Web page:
Don’t panic – the end of the year is nigh!

As many organisations enter the final quarter of the year there is increased activity as the end of the year gets closer.  The goals that were set at the beginning of the year with Quarter 4 completion dates are now becoming very real.  The tendency is to rush to complete these activities as annual performance is reviewed.  This additional layer of busyness can add to the normal feeling of overload.  This can lead to doing work  that checks a box rather than focusing on high priority tasks.  What can you and your team do to manage the end of the year effectively so that you are not completely burnt out by the time the middle of December comes?

1.     Look back at the goals that you set

As a team or as an individual, go back and review the goals you set at the start of the year.  Hopefully this won’t be the first time you have done this but if it is, then it’s even more critical to take a look at what has been achieved and what is outstanding to get a sense of what needs to be done.Focus, prioritisation, leadership, meeting goals

2.     Consider the changes in your environment

A lot will have changed in the last several months.  What has changed within your organisation that has and will impact on achievement of your goals? What has changed externally?  Are your goals still relevant?  Or is it even more critical that they are achieved?

3.     Recognise your successes and how you have achieved them

You may be surprised to realize that you have already achieved a lot!  Take the time to recognise yourself and others who have contributed to your individual or team success.  A quick word of appreciation can be all that is needed. Strengthening relationships is even more important as everyone becomes more task focused.

Consider how you have achieved your results, by identifying the skills or resources that enabled these successes.  What new insights, and knowledge did you gain? Chances are that a successful end of year will depend on the same capabilities you have already used and identifying skills will make you feel good and give you added confidence that you can be successful. Combined with your new insights this will enable you to not only finish off the year well, but go into next year wiser and prouder.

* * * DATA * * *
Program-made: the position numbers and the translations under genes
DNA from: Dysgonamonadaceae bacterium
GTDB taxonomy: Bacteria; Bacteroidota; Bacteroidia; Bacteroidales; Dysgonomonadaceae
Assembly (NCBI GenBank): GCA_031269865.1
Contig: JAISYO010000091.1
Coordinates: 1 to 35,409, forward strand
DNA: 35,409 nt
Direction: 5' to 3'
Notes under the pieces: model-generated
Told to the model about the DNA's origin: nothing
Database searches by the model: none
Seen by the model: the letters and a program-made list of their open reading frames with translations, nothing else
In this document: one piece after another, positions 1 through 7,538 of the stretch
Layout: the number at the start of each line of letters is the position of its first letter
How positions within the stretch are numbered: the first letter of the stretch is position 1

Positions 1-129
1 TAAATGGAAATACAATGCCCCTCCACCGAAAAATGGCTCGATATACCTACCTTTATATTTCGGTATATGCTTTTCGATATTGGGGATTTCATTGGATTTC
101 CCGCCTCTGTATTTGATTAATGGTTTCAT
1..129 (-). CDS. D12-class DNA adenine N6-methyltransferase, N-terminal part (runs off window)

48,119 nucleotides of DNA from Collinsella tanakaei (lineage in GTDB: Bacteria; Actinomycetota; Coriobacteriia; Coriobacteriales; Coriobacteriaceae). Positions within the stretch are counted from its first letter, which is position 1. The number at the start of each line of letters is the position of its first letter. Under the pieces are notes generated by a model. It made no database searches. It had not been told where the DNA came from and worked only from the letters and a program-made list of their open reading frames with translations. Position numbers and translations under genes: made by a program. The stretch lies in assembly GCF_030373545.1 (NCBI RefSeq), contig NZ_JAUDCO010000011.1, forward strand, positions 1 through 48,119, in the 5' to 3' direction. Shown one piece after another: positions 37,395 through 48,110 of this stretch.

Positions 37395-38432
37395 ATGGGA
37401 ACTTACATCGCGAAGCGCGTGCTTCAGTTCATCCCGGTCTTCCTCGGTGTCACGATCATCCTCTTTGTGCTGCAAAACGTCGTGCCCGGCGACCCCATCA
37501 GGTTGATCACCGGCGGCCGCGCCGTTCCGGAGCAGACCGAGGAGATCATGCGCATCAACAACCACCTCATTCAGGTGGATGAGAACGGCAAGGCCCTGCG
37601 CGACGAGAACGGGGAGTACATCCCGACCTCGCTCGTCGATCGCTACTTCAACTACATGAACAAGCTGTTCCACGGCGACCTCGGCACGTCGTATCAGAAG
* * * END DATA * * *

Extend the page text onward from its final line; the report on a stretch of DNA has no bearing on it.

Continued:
4.     Prioritise what is critical and focus on achieving those goals

No matter if you were really disciplined at the start of the year in focusing on the few activities that were important for 2019, often without constant vigilance, your workload increases , due to additional priorities that you took on and projects whose scope creeps.  It’s a good time to refocus on those items that will really make a difference and will enable you, your team and your organisation succeed.  Ideas on how to better prioritise were discussed in a previous article.

5.     Clarify or reset expectations

You will need to make sure others are bought into your priorities, whether they are people who were expecting something from you or people who you will need to help you to succeed.  It’s a good time to ensure you are aligned and have the support of others in what you are going to do.

 

By taking the time to step back and reflect you will give yourself and your team the chance to be both successful and less stressed.

 

Let me know if you have other ideas of how to manage the end of the year.

 

Acknowledgements

To Julia Sullivan for her great insights and adding to my learning through her review

By | 2019-10-22T14:29:33+00:00 October 22nd, 2019|Coaching Leaders, Designing Leaders Meetings|0 Comments